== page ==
“Malaria has devastated communities for far too long in Africa. We know that initially, supply will not meet demand; nevertheless, we look forward to working with countries and our partners to introduce and scale this new tool in our fight against malaria, which could save the lives of thousands of children across the continent,” says Thabani Maphosa, MD of country programmes at Gavi. “Gavi is proud to support this vaccine. We hope this is just the beginning of a broader rollout that will see populations across the continent increasingly protected against this deadly disease.”

Like with many new vaccines, the supply of the malaria vaccine is limited as vaccine production ramps up.

“The long-awaited malaria vaccine for children is a breakthrough for science, child health and malaria control. It is projected that – at scale – using this vaccine could save tens of thousands of young lives each year, but we will need an increased supply of the vaccine so Africa can reap the benefits of this additional tool for malaria prevention,” says Professor Rose Leke, a malaria disease expert from the University of Yaounde in Cameroon, and co-chair of the expert group that advised WHO on a framework to allocate the currently limited malaria vaccine supply.

Over the next few years, the supply of the RTS,S malaria vaccine will be insufficient to meet the needs of over 25 million children born each year in areas where the vaccine is recommended, according to a WHO-commissioned global market study. Should a second malaria vaccine complete clinical development successfully and be approved for use, the period of constrained supply could be shorter. The demand is estimated to range from 80 million to 100 million doses annually.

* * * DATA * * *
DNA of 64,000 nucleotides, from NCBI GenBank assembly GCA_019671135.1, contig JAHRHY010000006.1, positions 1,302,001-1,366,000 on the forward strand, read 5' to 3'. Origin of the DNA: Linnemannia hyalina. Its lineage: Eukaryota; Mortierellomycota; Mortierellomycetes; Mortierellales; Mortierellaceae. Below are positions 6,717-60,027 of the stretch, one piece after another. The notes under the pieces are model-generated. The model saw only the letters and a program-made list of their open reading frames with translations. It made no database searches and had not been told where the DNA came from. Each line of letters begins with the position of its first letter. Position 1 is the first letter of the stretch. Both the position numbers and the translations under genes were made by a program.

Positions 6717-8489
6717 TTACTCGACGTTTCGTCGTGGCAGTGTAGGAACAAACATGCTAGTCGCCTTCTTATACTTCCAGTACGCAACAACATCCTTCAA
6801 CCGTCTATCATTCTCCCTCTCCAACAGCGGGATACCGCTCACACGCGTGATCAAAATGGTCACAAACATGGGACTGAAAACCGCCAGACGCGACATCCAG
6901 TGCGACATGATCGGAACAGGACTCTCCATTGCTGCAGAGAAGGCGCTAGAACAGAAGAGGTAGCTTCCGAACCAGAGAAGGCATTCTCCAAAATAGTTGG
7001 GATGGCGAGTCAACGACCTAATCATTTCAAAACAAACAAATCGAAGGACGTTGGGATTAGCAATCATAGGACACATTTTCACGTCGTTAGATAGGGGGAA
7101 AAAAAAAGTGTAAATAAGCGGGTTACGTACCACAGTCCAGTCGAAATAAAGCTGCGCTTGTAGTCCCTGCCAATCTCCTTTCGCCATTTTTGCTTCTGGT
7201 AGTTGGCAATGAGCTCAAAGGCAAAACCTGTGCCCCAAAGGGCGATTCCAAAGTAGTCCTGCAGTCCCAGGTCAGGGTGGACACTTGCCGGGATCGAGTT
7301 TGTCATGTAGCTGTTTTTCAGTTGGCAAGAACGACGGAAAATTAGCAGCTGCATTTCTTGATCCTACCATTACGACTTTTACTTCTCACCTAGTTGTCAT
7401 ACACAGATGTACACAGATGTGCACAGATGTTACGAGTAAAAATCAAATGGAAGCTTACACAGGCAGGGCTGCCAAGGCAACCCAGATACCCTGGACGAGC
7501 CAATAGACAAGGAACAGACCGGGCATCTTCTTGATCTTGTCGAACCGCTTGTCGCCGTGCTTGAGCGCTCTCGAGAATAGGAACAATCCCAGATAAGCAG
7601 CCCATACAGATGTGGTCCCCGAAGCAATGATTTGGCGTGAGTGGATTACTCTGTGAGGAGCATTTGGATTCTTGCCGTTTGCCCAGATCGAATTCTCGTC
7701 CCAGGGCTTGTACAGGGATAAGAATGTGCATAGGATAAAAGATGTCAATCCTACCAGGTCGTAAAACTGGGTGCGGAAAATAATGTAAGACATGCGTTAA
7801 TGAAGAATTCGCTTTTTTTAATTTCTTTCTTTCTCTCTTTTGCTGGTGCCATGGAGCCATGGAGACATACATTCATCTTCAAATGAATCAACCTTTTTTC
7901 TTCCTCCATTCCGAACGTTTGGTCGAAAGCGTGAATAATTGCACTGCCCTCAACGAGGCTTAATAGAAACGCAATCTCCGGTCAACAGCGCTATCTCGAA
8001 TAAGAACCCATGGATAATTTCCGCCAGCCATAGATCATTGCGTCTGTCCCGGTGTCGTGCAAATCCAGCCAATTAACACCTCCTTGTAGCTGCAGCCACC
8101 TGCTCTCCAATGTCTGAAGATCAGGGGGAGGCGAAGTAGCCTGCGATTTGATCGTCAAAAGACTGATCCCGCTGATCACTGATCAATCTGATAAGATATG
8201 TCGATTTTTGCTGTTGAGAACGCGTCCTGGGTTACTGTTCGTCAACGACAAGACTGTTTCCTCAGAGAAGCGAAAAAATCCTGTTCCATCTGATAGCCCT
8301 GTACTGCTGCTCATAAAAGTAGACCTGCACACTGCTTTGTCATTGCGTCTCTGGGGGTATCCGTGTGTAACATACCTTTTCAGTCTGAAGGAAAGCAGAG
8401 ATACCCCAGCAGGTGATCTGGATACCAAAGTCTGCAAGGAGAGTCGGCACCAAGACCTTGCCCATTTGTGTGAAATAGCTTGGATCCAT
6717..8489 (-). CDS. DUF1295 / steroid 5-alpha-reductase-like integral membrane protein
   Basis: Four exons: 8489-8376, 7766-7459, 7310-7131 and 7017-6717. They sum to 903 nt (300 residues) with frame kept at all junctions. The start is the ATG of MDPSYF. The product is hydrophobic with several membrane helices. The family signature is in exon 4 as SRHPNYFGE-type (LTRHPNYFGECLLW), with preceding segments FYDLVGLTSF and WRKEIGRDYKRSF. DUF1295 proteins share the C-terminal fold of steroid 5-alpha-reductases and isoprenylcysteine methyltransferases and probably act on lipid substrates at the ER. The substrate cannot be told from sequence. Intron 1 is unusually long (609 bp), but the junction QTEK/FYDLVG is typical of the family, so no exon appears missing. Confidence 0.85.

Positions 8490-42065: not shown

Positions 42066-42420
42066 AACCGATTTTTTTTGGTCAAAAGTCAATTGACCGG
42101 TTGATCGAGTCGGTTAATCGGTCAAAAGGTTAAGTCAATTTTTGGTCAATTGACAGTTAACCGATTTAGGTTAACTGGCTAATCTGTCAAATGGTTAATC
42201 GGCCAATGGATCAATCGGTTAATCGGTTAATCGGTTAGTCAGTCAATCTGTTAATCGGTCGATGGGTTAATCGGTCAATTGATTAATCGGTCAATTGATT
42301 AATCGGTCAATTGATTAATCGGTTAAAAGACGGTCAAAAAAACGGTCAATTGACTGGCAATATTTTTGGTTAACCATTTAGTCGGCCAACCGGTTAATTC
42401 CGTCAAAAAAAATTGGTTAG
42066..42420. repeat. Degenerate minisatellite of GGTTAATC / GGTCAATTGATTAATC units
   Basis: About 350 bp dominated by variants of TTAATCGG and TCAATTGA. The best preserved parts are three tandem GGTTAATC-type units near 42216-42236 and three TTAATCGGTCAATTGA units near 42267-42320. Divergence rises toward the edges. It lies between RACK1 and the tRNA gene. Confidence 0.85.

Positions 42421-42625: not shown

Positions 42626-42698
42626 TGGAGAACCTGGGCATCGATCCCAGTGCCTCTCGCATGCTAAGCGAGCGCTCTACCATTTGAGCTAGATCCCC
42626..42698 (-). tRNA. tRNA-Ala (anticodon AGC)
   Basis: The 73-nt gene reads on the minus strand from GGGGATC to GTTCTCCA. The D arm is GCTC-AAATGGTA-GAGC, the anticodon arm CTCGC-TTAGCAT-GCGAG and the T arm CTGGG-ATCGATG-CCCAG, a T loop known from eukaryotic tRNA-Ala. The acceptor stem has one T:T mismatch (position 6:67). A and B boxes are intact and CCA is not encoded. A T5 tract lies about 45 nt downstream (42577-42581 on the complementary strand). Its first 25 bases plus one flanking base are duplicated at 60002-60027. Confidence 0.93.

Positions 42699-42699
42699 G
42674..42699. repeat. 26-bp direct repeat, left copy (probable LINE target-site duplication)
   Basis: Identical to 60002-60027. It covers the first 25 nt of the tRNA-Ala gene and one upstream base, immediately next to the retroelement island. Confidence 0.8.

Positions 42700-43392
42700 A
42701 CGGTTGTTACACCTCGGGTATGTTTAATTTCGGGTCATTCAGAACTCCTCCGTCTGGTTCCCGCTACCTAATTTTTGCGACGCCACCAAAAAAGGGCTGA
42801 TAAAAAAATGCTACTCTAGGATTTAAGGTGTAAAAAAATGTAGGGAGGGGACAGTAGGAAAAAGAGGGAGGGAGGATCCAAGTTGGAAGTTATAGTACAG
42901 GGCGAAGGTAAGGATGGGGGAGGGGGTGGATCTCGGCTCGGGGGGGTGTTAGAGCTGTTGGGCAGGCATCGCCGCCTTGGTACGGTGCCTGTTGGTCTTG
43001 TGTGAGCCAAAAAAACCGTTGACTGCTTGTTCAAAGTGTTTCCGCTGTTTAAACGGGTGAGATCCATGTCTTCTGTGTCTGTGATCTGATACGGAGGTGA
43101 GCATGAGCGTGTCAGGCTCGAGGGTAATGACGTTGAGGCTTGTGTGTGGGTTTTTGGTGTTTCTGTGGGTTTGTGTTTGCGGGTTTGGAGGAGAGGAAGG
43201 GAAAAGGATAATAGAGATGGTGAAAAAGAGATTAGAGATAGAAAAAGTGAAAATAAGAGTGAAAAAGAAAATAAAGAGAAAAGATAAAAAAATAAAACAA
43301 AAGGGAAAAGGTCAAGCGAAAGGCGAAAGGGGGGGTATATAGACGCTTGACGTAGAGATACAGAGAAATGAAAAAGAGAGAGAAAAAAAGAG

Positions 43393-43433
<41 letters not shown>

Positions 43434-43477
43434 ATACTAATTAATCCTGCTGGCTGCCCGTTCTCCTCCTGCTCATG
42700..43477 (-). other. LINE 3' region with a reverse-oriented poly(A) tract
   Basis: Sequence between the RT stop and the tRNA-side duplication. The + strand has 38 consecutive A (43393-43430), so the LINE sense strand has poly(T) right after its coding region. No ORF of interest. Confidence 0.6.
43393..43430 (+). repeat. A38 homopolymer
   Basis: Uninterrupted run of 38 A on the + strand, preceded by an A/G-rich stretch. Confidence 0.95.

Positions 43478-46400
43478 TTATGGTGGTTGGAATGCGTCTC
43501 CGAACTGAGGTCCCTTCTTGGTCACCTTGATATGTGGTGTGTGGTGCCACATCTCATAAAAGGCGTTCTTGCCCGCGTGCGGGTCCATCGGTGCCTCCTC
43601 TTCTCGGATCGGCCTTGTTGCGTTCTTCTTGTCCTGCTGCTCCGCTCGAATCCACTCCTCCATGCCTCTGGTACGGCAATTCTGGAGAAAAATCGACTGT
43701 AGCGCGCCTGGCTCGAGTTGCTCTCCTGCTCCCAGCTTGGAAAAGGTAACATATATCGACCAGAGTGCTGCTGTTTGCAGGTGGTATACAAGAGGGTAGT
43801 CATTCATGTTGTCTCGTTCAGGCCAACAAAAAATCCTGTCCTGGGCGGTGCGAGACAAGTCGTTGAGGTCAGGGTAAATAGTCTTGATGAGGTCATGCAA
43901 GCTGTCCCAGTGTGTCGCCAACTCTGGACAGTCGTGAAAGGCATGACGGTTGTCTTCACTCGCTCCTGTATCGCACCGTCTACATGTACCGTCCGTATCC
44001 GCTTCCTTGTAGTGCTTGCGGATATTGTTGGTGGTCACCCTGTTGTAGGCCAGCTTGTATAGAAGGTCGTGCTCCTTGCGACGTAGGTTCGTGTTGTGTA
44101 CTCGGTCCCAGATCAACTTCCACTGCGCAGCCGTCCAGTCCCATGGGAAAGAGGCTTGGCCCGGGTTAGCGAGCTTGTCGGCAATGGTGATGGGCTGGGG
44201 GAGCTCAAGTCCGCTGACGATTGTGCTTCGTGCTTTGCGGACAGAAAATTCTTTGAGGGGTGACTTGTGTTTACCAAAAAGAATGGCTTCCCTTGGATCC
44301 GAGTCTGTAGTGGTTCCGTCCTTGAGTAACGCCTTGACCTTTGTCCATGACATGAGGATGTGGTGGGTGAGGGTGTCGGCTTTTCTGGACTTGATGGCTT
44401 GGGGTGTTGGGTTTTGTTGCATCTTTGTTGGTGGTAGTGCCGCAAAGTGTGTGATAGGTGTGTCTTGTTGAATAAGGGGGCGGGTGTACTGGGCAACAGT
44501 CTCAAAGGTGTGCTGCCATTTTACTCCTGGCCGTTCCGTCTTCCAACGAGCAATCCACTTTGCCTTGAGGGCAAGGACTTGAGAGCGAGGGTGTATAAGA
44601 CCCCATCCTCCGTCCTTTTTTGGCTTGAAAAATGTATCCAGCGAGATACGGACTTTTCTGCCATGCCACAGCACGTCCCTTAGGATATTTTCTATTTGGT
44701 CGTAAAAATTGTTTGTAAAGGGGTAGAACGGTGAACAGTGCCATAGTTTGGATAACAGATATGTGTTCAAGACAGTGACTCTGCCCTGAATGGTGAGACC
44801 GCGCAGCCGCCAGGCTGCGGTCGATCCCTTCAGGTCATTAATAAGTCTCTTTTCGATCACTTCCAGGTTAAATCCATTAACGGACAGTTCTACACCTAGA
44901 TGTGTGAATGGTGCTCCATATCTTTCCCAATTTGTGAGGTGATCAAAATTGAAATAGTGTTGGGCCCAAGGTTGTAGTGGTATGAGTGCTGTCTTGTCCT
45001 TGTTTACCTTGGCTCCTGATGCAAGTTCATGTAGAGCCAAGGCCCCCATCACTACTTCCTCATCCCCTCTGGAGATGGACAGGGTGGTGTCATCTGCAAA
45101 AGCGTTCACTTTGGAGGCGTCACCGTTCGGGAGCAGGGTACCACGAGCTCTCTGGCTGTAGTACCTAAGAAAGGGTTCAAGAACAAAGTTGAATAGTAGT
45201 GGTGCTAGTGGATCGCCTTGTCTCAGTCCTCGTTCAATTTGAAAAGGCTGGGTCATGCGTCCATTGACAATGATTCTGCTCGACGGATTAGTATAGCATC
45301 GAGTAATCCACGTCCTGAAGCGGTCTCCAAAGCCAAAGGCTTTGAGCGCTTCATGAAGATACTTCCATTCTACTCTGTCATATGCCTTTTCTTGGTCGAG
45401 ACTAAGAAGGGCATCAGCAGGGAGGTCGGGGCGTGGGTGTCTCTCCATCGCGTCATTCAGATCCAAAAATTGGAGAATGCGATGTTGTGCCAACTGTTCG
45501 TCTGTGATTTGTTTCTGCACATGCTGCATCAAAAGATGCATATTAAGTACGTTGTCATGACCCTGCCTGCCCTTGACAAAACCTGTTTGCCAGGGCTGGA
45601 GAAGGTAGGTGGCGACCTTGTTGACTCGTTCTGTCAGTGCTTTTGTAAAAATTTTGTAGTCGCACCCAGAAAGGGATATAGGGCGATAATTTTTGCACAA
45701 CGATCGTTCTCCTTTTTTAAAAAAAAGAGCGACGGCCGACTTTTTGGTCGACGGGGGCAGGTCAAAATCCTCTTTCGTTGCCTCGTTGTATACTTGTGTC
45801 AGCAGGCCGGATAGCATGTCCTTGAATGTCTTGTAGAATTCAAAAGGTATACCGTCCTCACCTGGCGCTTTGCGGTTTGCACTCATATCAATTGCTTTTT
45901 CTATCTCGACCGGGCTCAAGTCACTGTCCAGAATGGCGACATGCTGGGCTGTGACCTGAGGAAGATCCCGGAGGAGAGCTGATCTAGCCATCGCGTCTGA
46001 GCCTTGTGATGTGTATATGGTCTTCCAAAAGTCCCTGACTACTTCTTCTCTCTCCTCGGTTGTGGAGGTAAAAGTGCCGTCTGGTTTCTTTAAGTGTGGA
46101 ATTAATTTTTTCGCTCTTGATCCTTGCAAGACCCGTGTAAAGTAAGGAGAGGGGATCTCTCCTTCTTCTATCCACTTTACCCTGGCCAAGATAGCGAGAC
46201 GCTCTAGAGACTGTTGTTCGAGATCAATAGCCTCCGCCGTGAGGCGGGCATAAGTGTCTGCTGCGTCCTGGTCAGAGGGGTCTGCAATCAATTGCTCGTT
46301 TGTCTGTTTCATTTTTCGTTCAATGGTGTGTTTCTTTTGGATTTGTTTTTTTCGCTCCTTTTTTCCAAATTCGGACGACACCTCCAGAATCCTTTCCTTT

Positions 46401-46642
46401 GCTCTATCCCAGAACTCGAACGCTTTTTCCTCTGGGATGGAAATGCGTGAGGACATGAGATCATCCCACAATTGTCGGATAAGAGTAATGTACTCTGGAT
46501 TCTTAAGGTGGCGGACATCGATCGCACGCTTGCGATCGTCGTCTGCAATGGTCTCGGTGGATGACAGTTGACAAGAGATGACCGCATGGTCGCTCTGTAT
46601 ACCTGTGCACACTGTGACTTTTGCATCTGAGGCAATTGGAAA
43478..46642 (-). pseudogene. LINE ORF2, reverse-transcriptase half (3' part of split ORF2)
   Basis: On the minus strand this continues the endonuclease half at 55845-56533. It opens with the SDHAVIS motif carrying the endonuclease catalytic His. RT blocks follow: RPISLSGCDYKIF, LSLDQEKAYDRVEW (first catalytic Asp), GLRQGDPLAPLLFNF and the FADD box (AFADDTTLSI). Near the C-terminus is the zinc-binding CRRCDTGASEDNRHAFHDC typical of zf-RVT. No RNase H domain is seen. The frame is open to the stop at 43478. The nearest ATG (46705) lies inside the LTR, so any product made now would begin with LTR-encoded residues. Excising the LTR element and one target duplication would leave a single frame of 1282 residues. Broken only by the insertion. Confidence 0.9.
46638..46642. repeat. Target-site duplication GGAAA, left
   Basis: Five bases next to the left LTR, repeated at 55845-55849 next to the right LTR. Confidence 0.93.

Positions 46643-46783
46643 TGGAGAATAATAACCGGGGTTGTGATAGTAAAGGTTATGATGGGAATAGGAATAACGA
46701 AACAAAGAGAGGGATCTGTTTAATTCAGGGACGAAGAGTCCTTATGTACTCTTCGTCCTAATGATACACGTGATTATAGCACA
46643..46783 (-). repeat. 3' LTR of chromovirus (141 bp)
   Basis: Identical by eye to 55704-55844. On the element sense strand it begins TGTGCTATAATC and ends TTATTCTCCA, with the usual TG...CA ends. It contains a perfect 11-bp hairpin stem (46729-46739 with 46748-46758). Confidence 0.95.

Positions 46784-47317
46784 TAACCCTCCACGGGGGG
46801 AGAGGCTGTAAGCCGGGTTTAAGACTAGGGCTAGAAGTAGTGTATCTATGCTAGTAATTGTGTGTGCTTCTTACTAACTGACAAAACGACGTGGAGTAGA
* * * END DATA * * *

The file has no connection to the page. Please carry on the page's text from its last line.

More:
In response to the supply situation, WHO has developed, with expert advice, a framework to guide vaccine allocation decisions at global and country levels that ensures children at the highest risk across endemic countries are prioritised to receive the vaccine. The framework also aims to ensure that childhood vaccination services started in the three pilot countries continue without disruption until supply fully meets demand.

“Now is the time for African countries and communities to call out their interest – to donors, health leaders and manufacturers – in early access to this vaccine. Lives are at stake, every day,” adds Dr Moeti. “This situation again underlines why expanded local production of vaccines is essential for meeting African health needs. We’ve recently seen encouraging first steps in that direction, and we are committed to supporting further efforts to expand vaccine production in Africa.”

WHO, Gavi and partners are working to accelerate RTS,S supply by exploring approaches to increase manufacturing capacity, market-shaping and facilitating the development of other first-generation and next-generation malaria vaccines.

Kenya Launches COVID-19 PCR and Malaria Rapid Test Kits


Multimedia platform providing analysis of business & financial news in East Africa.

Leave a comment
scroll to top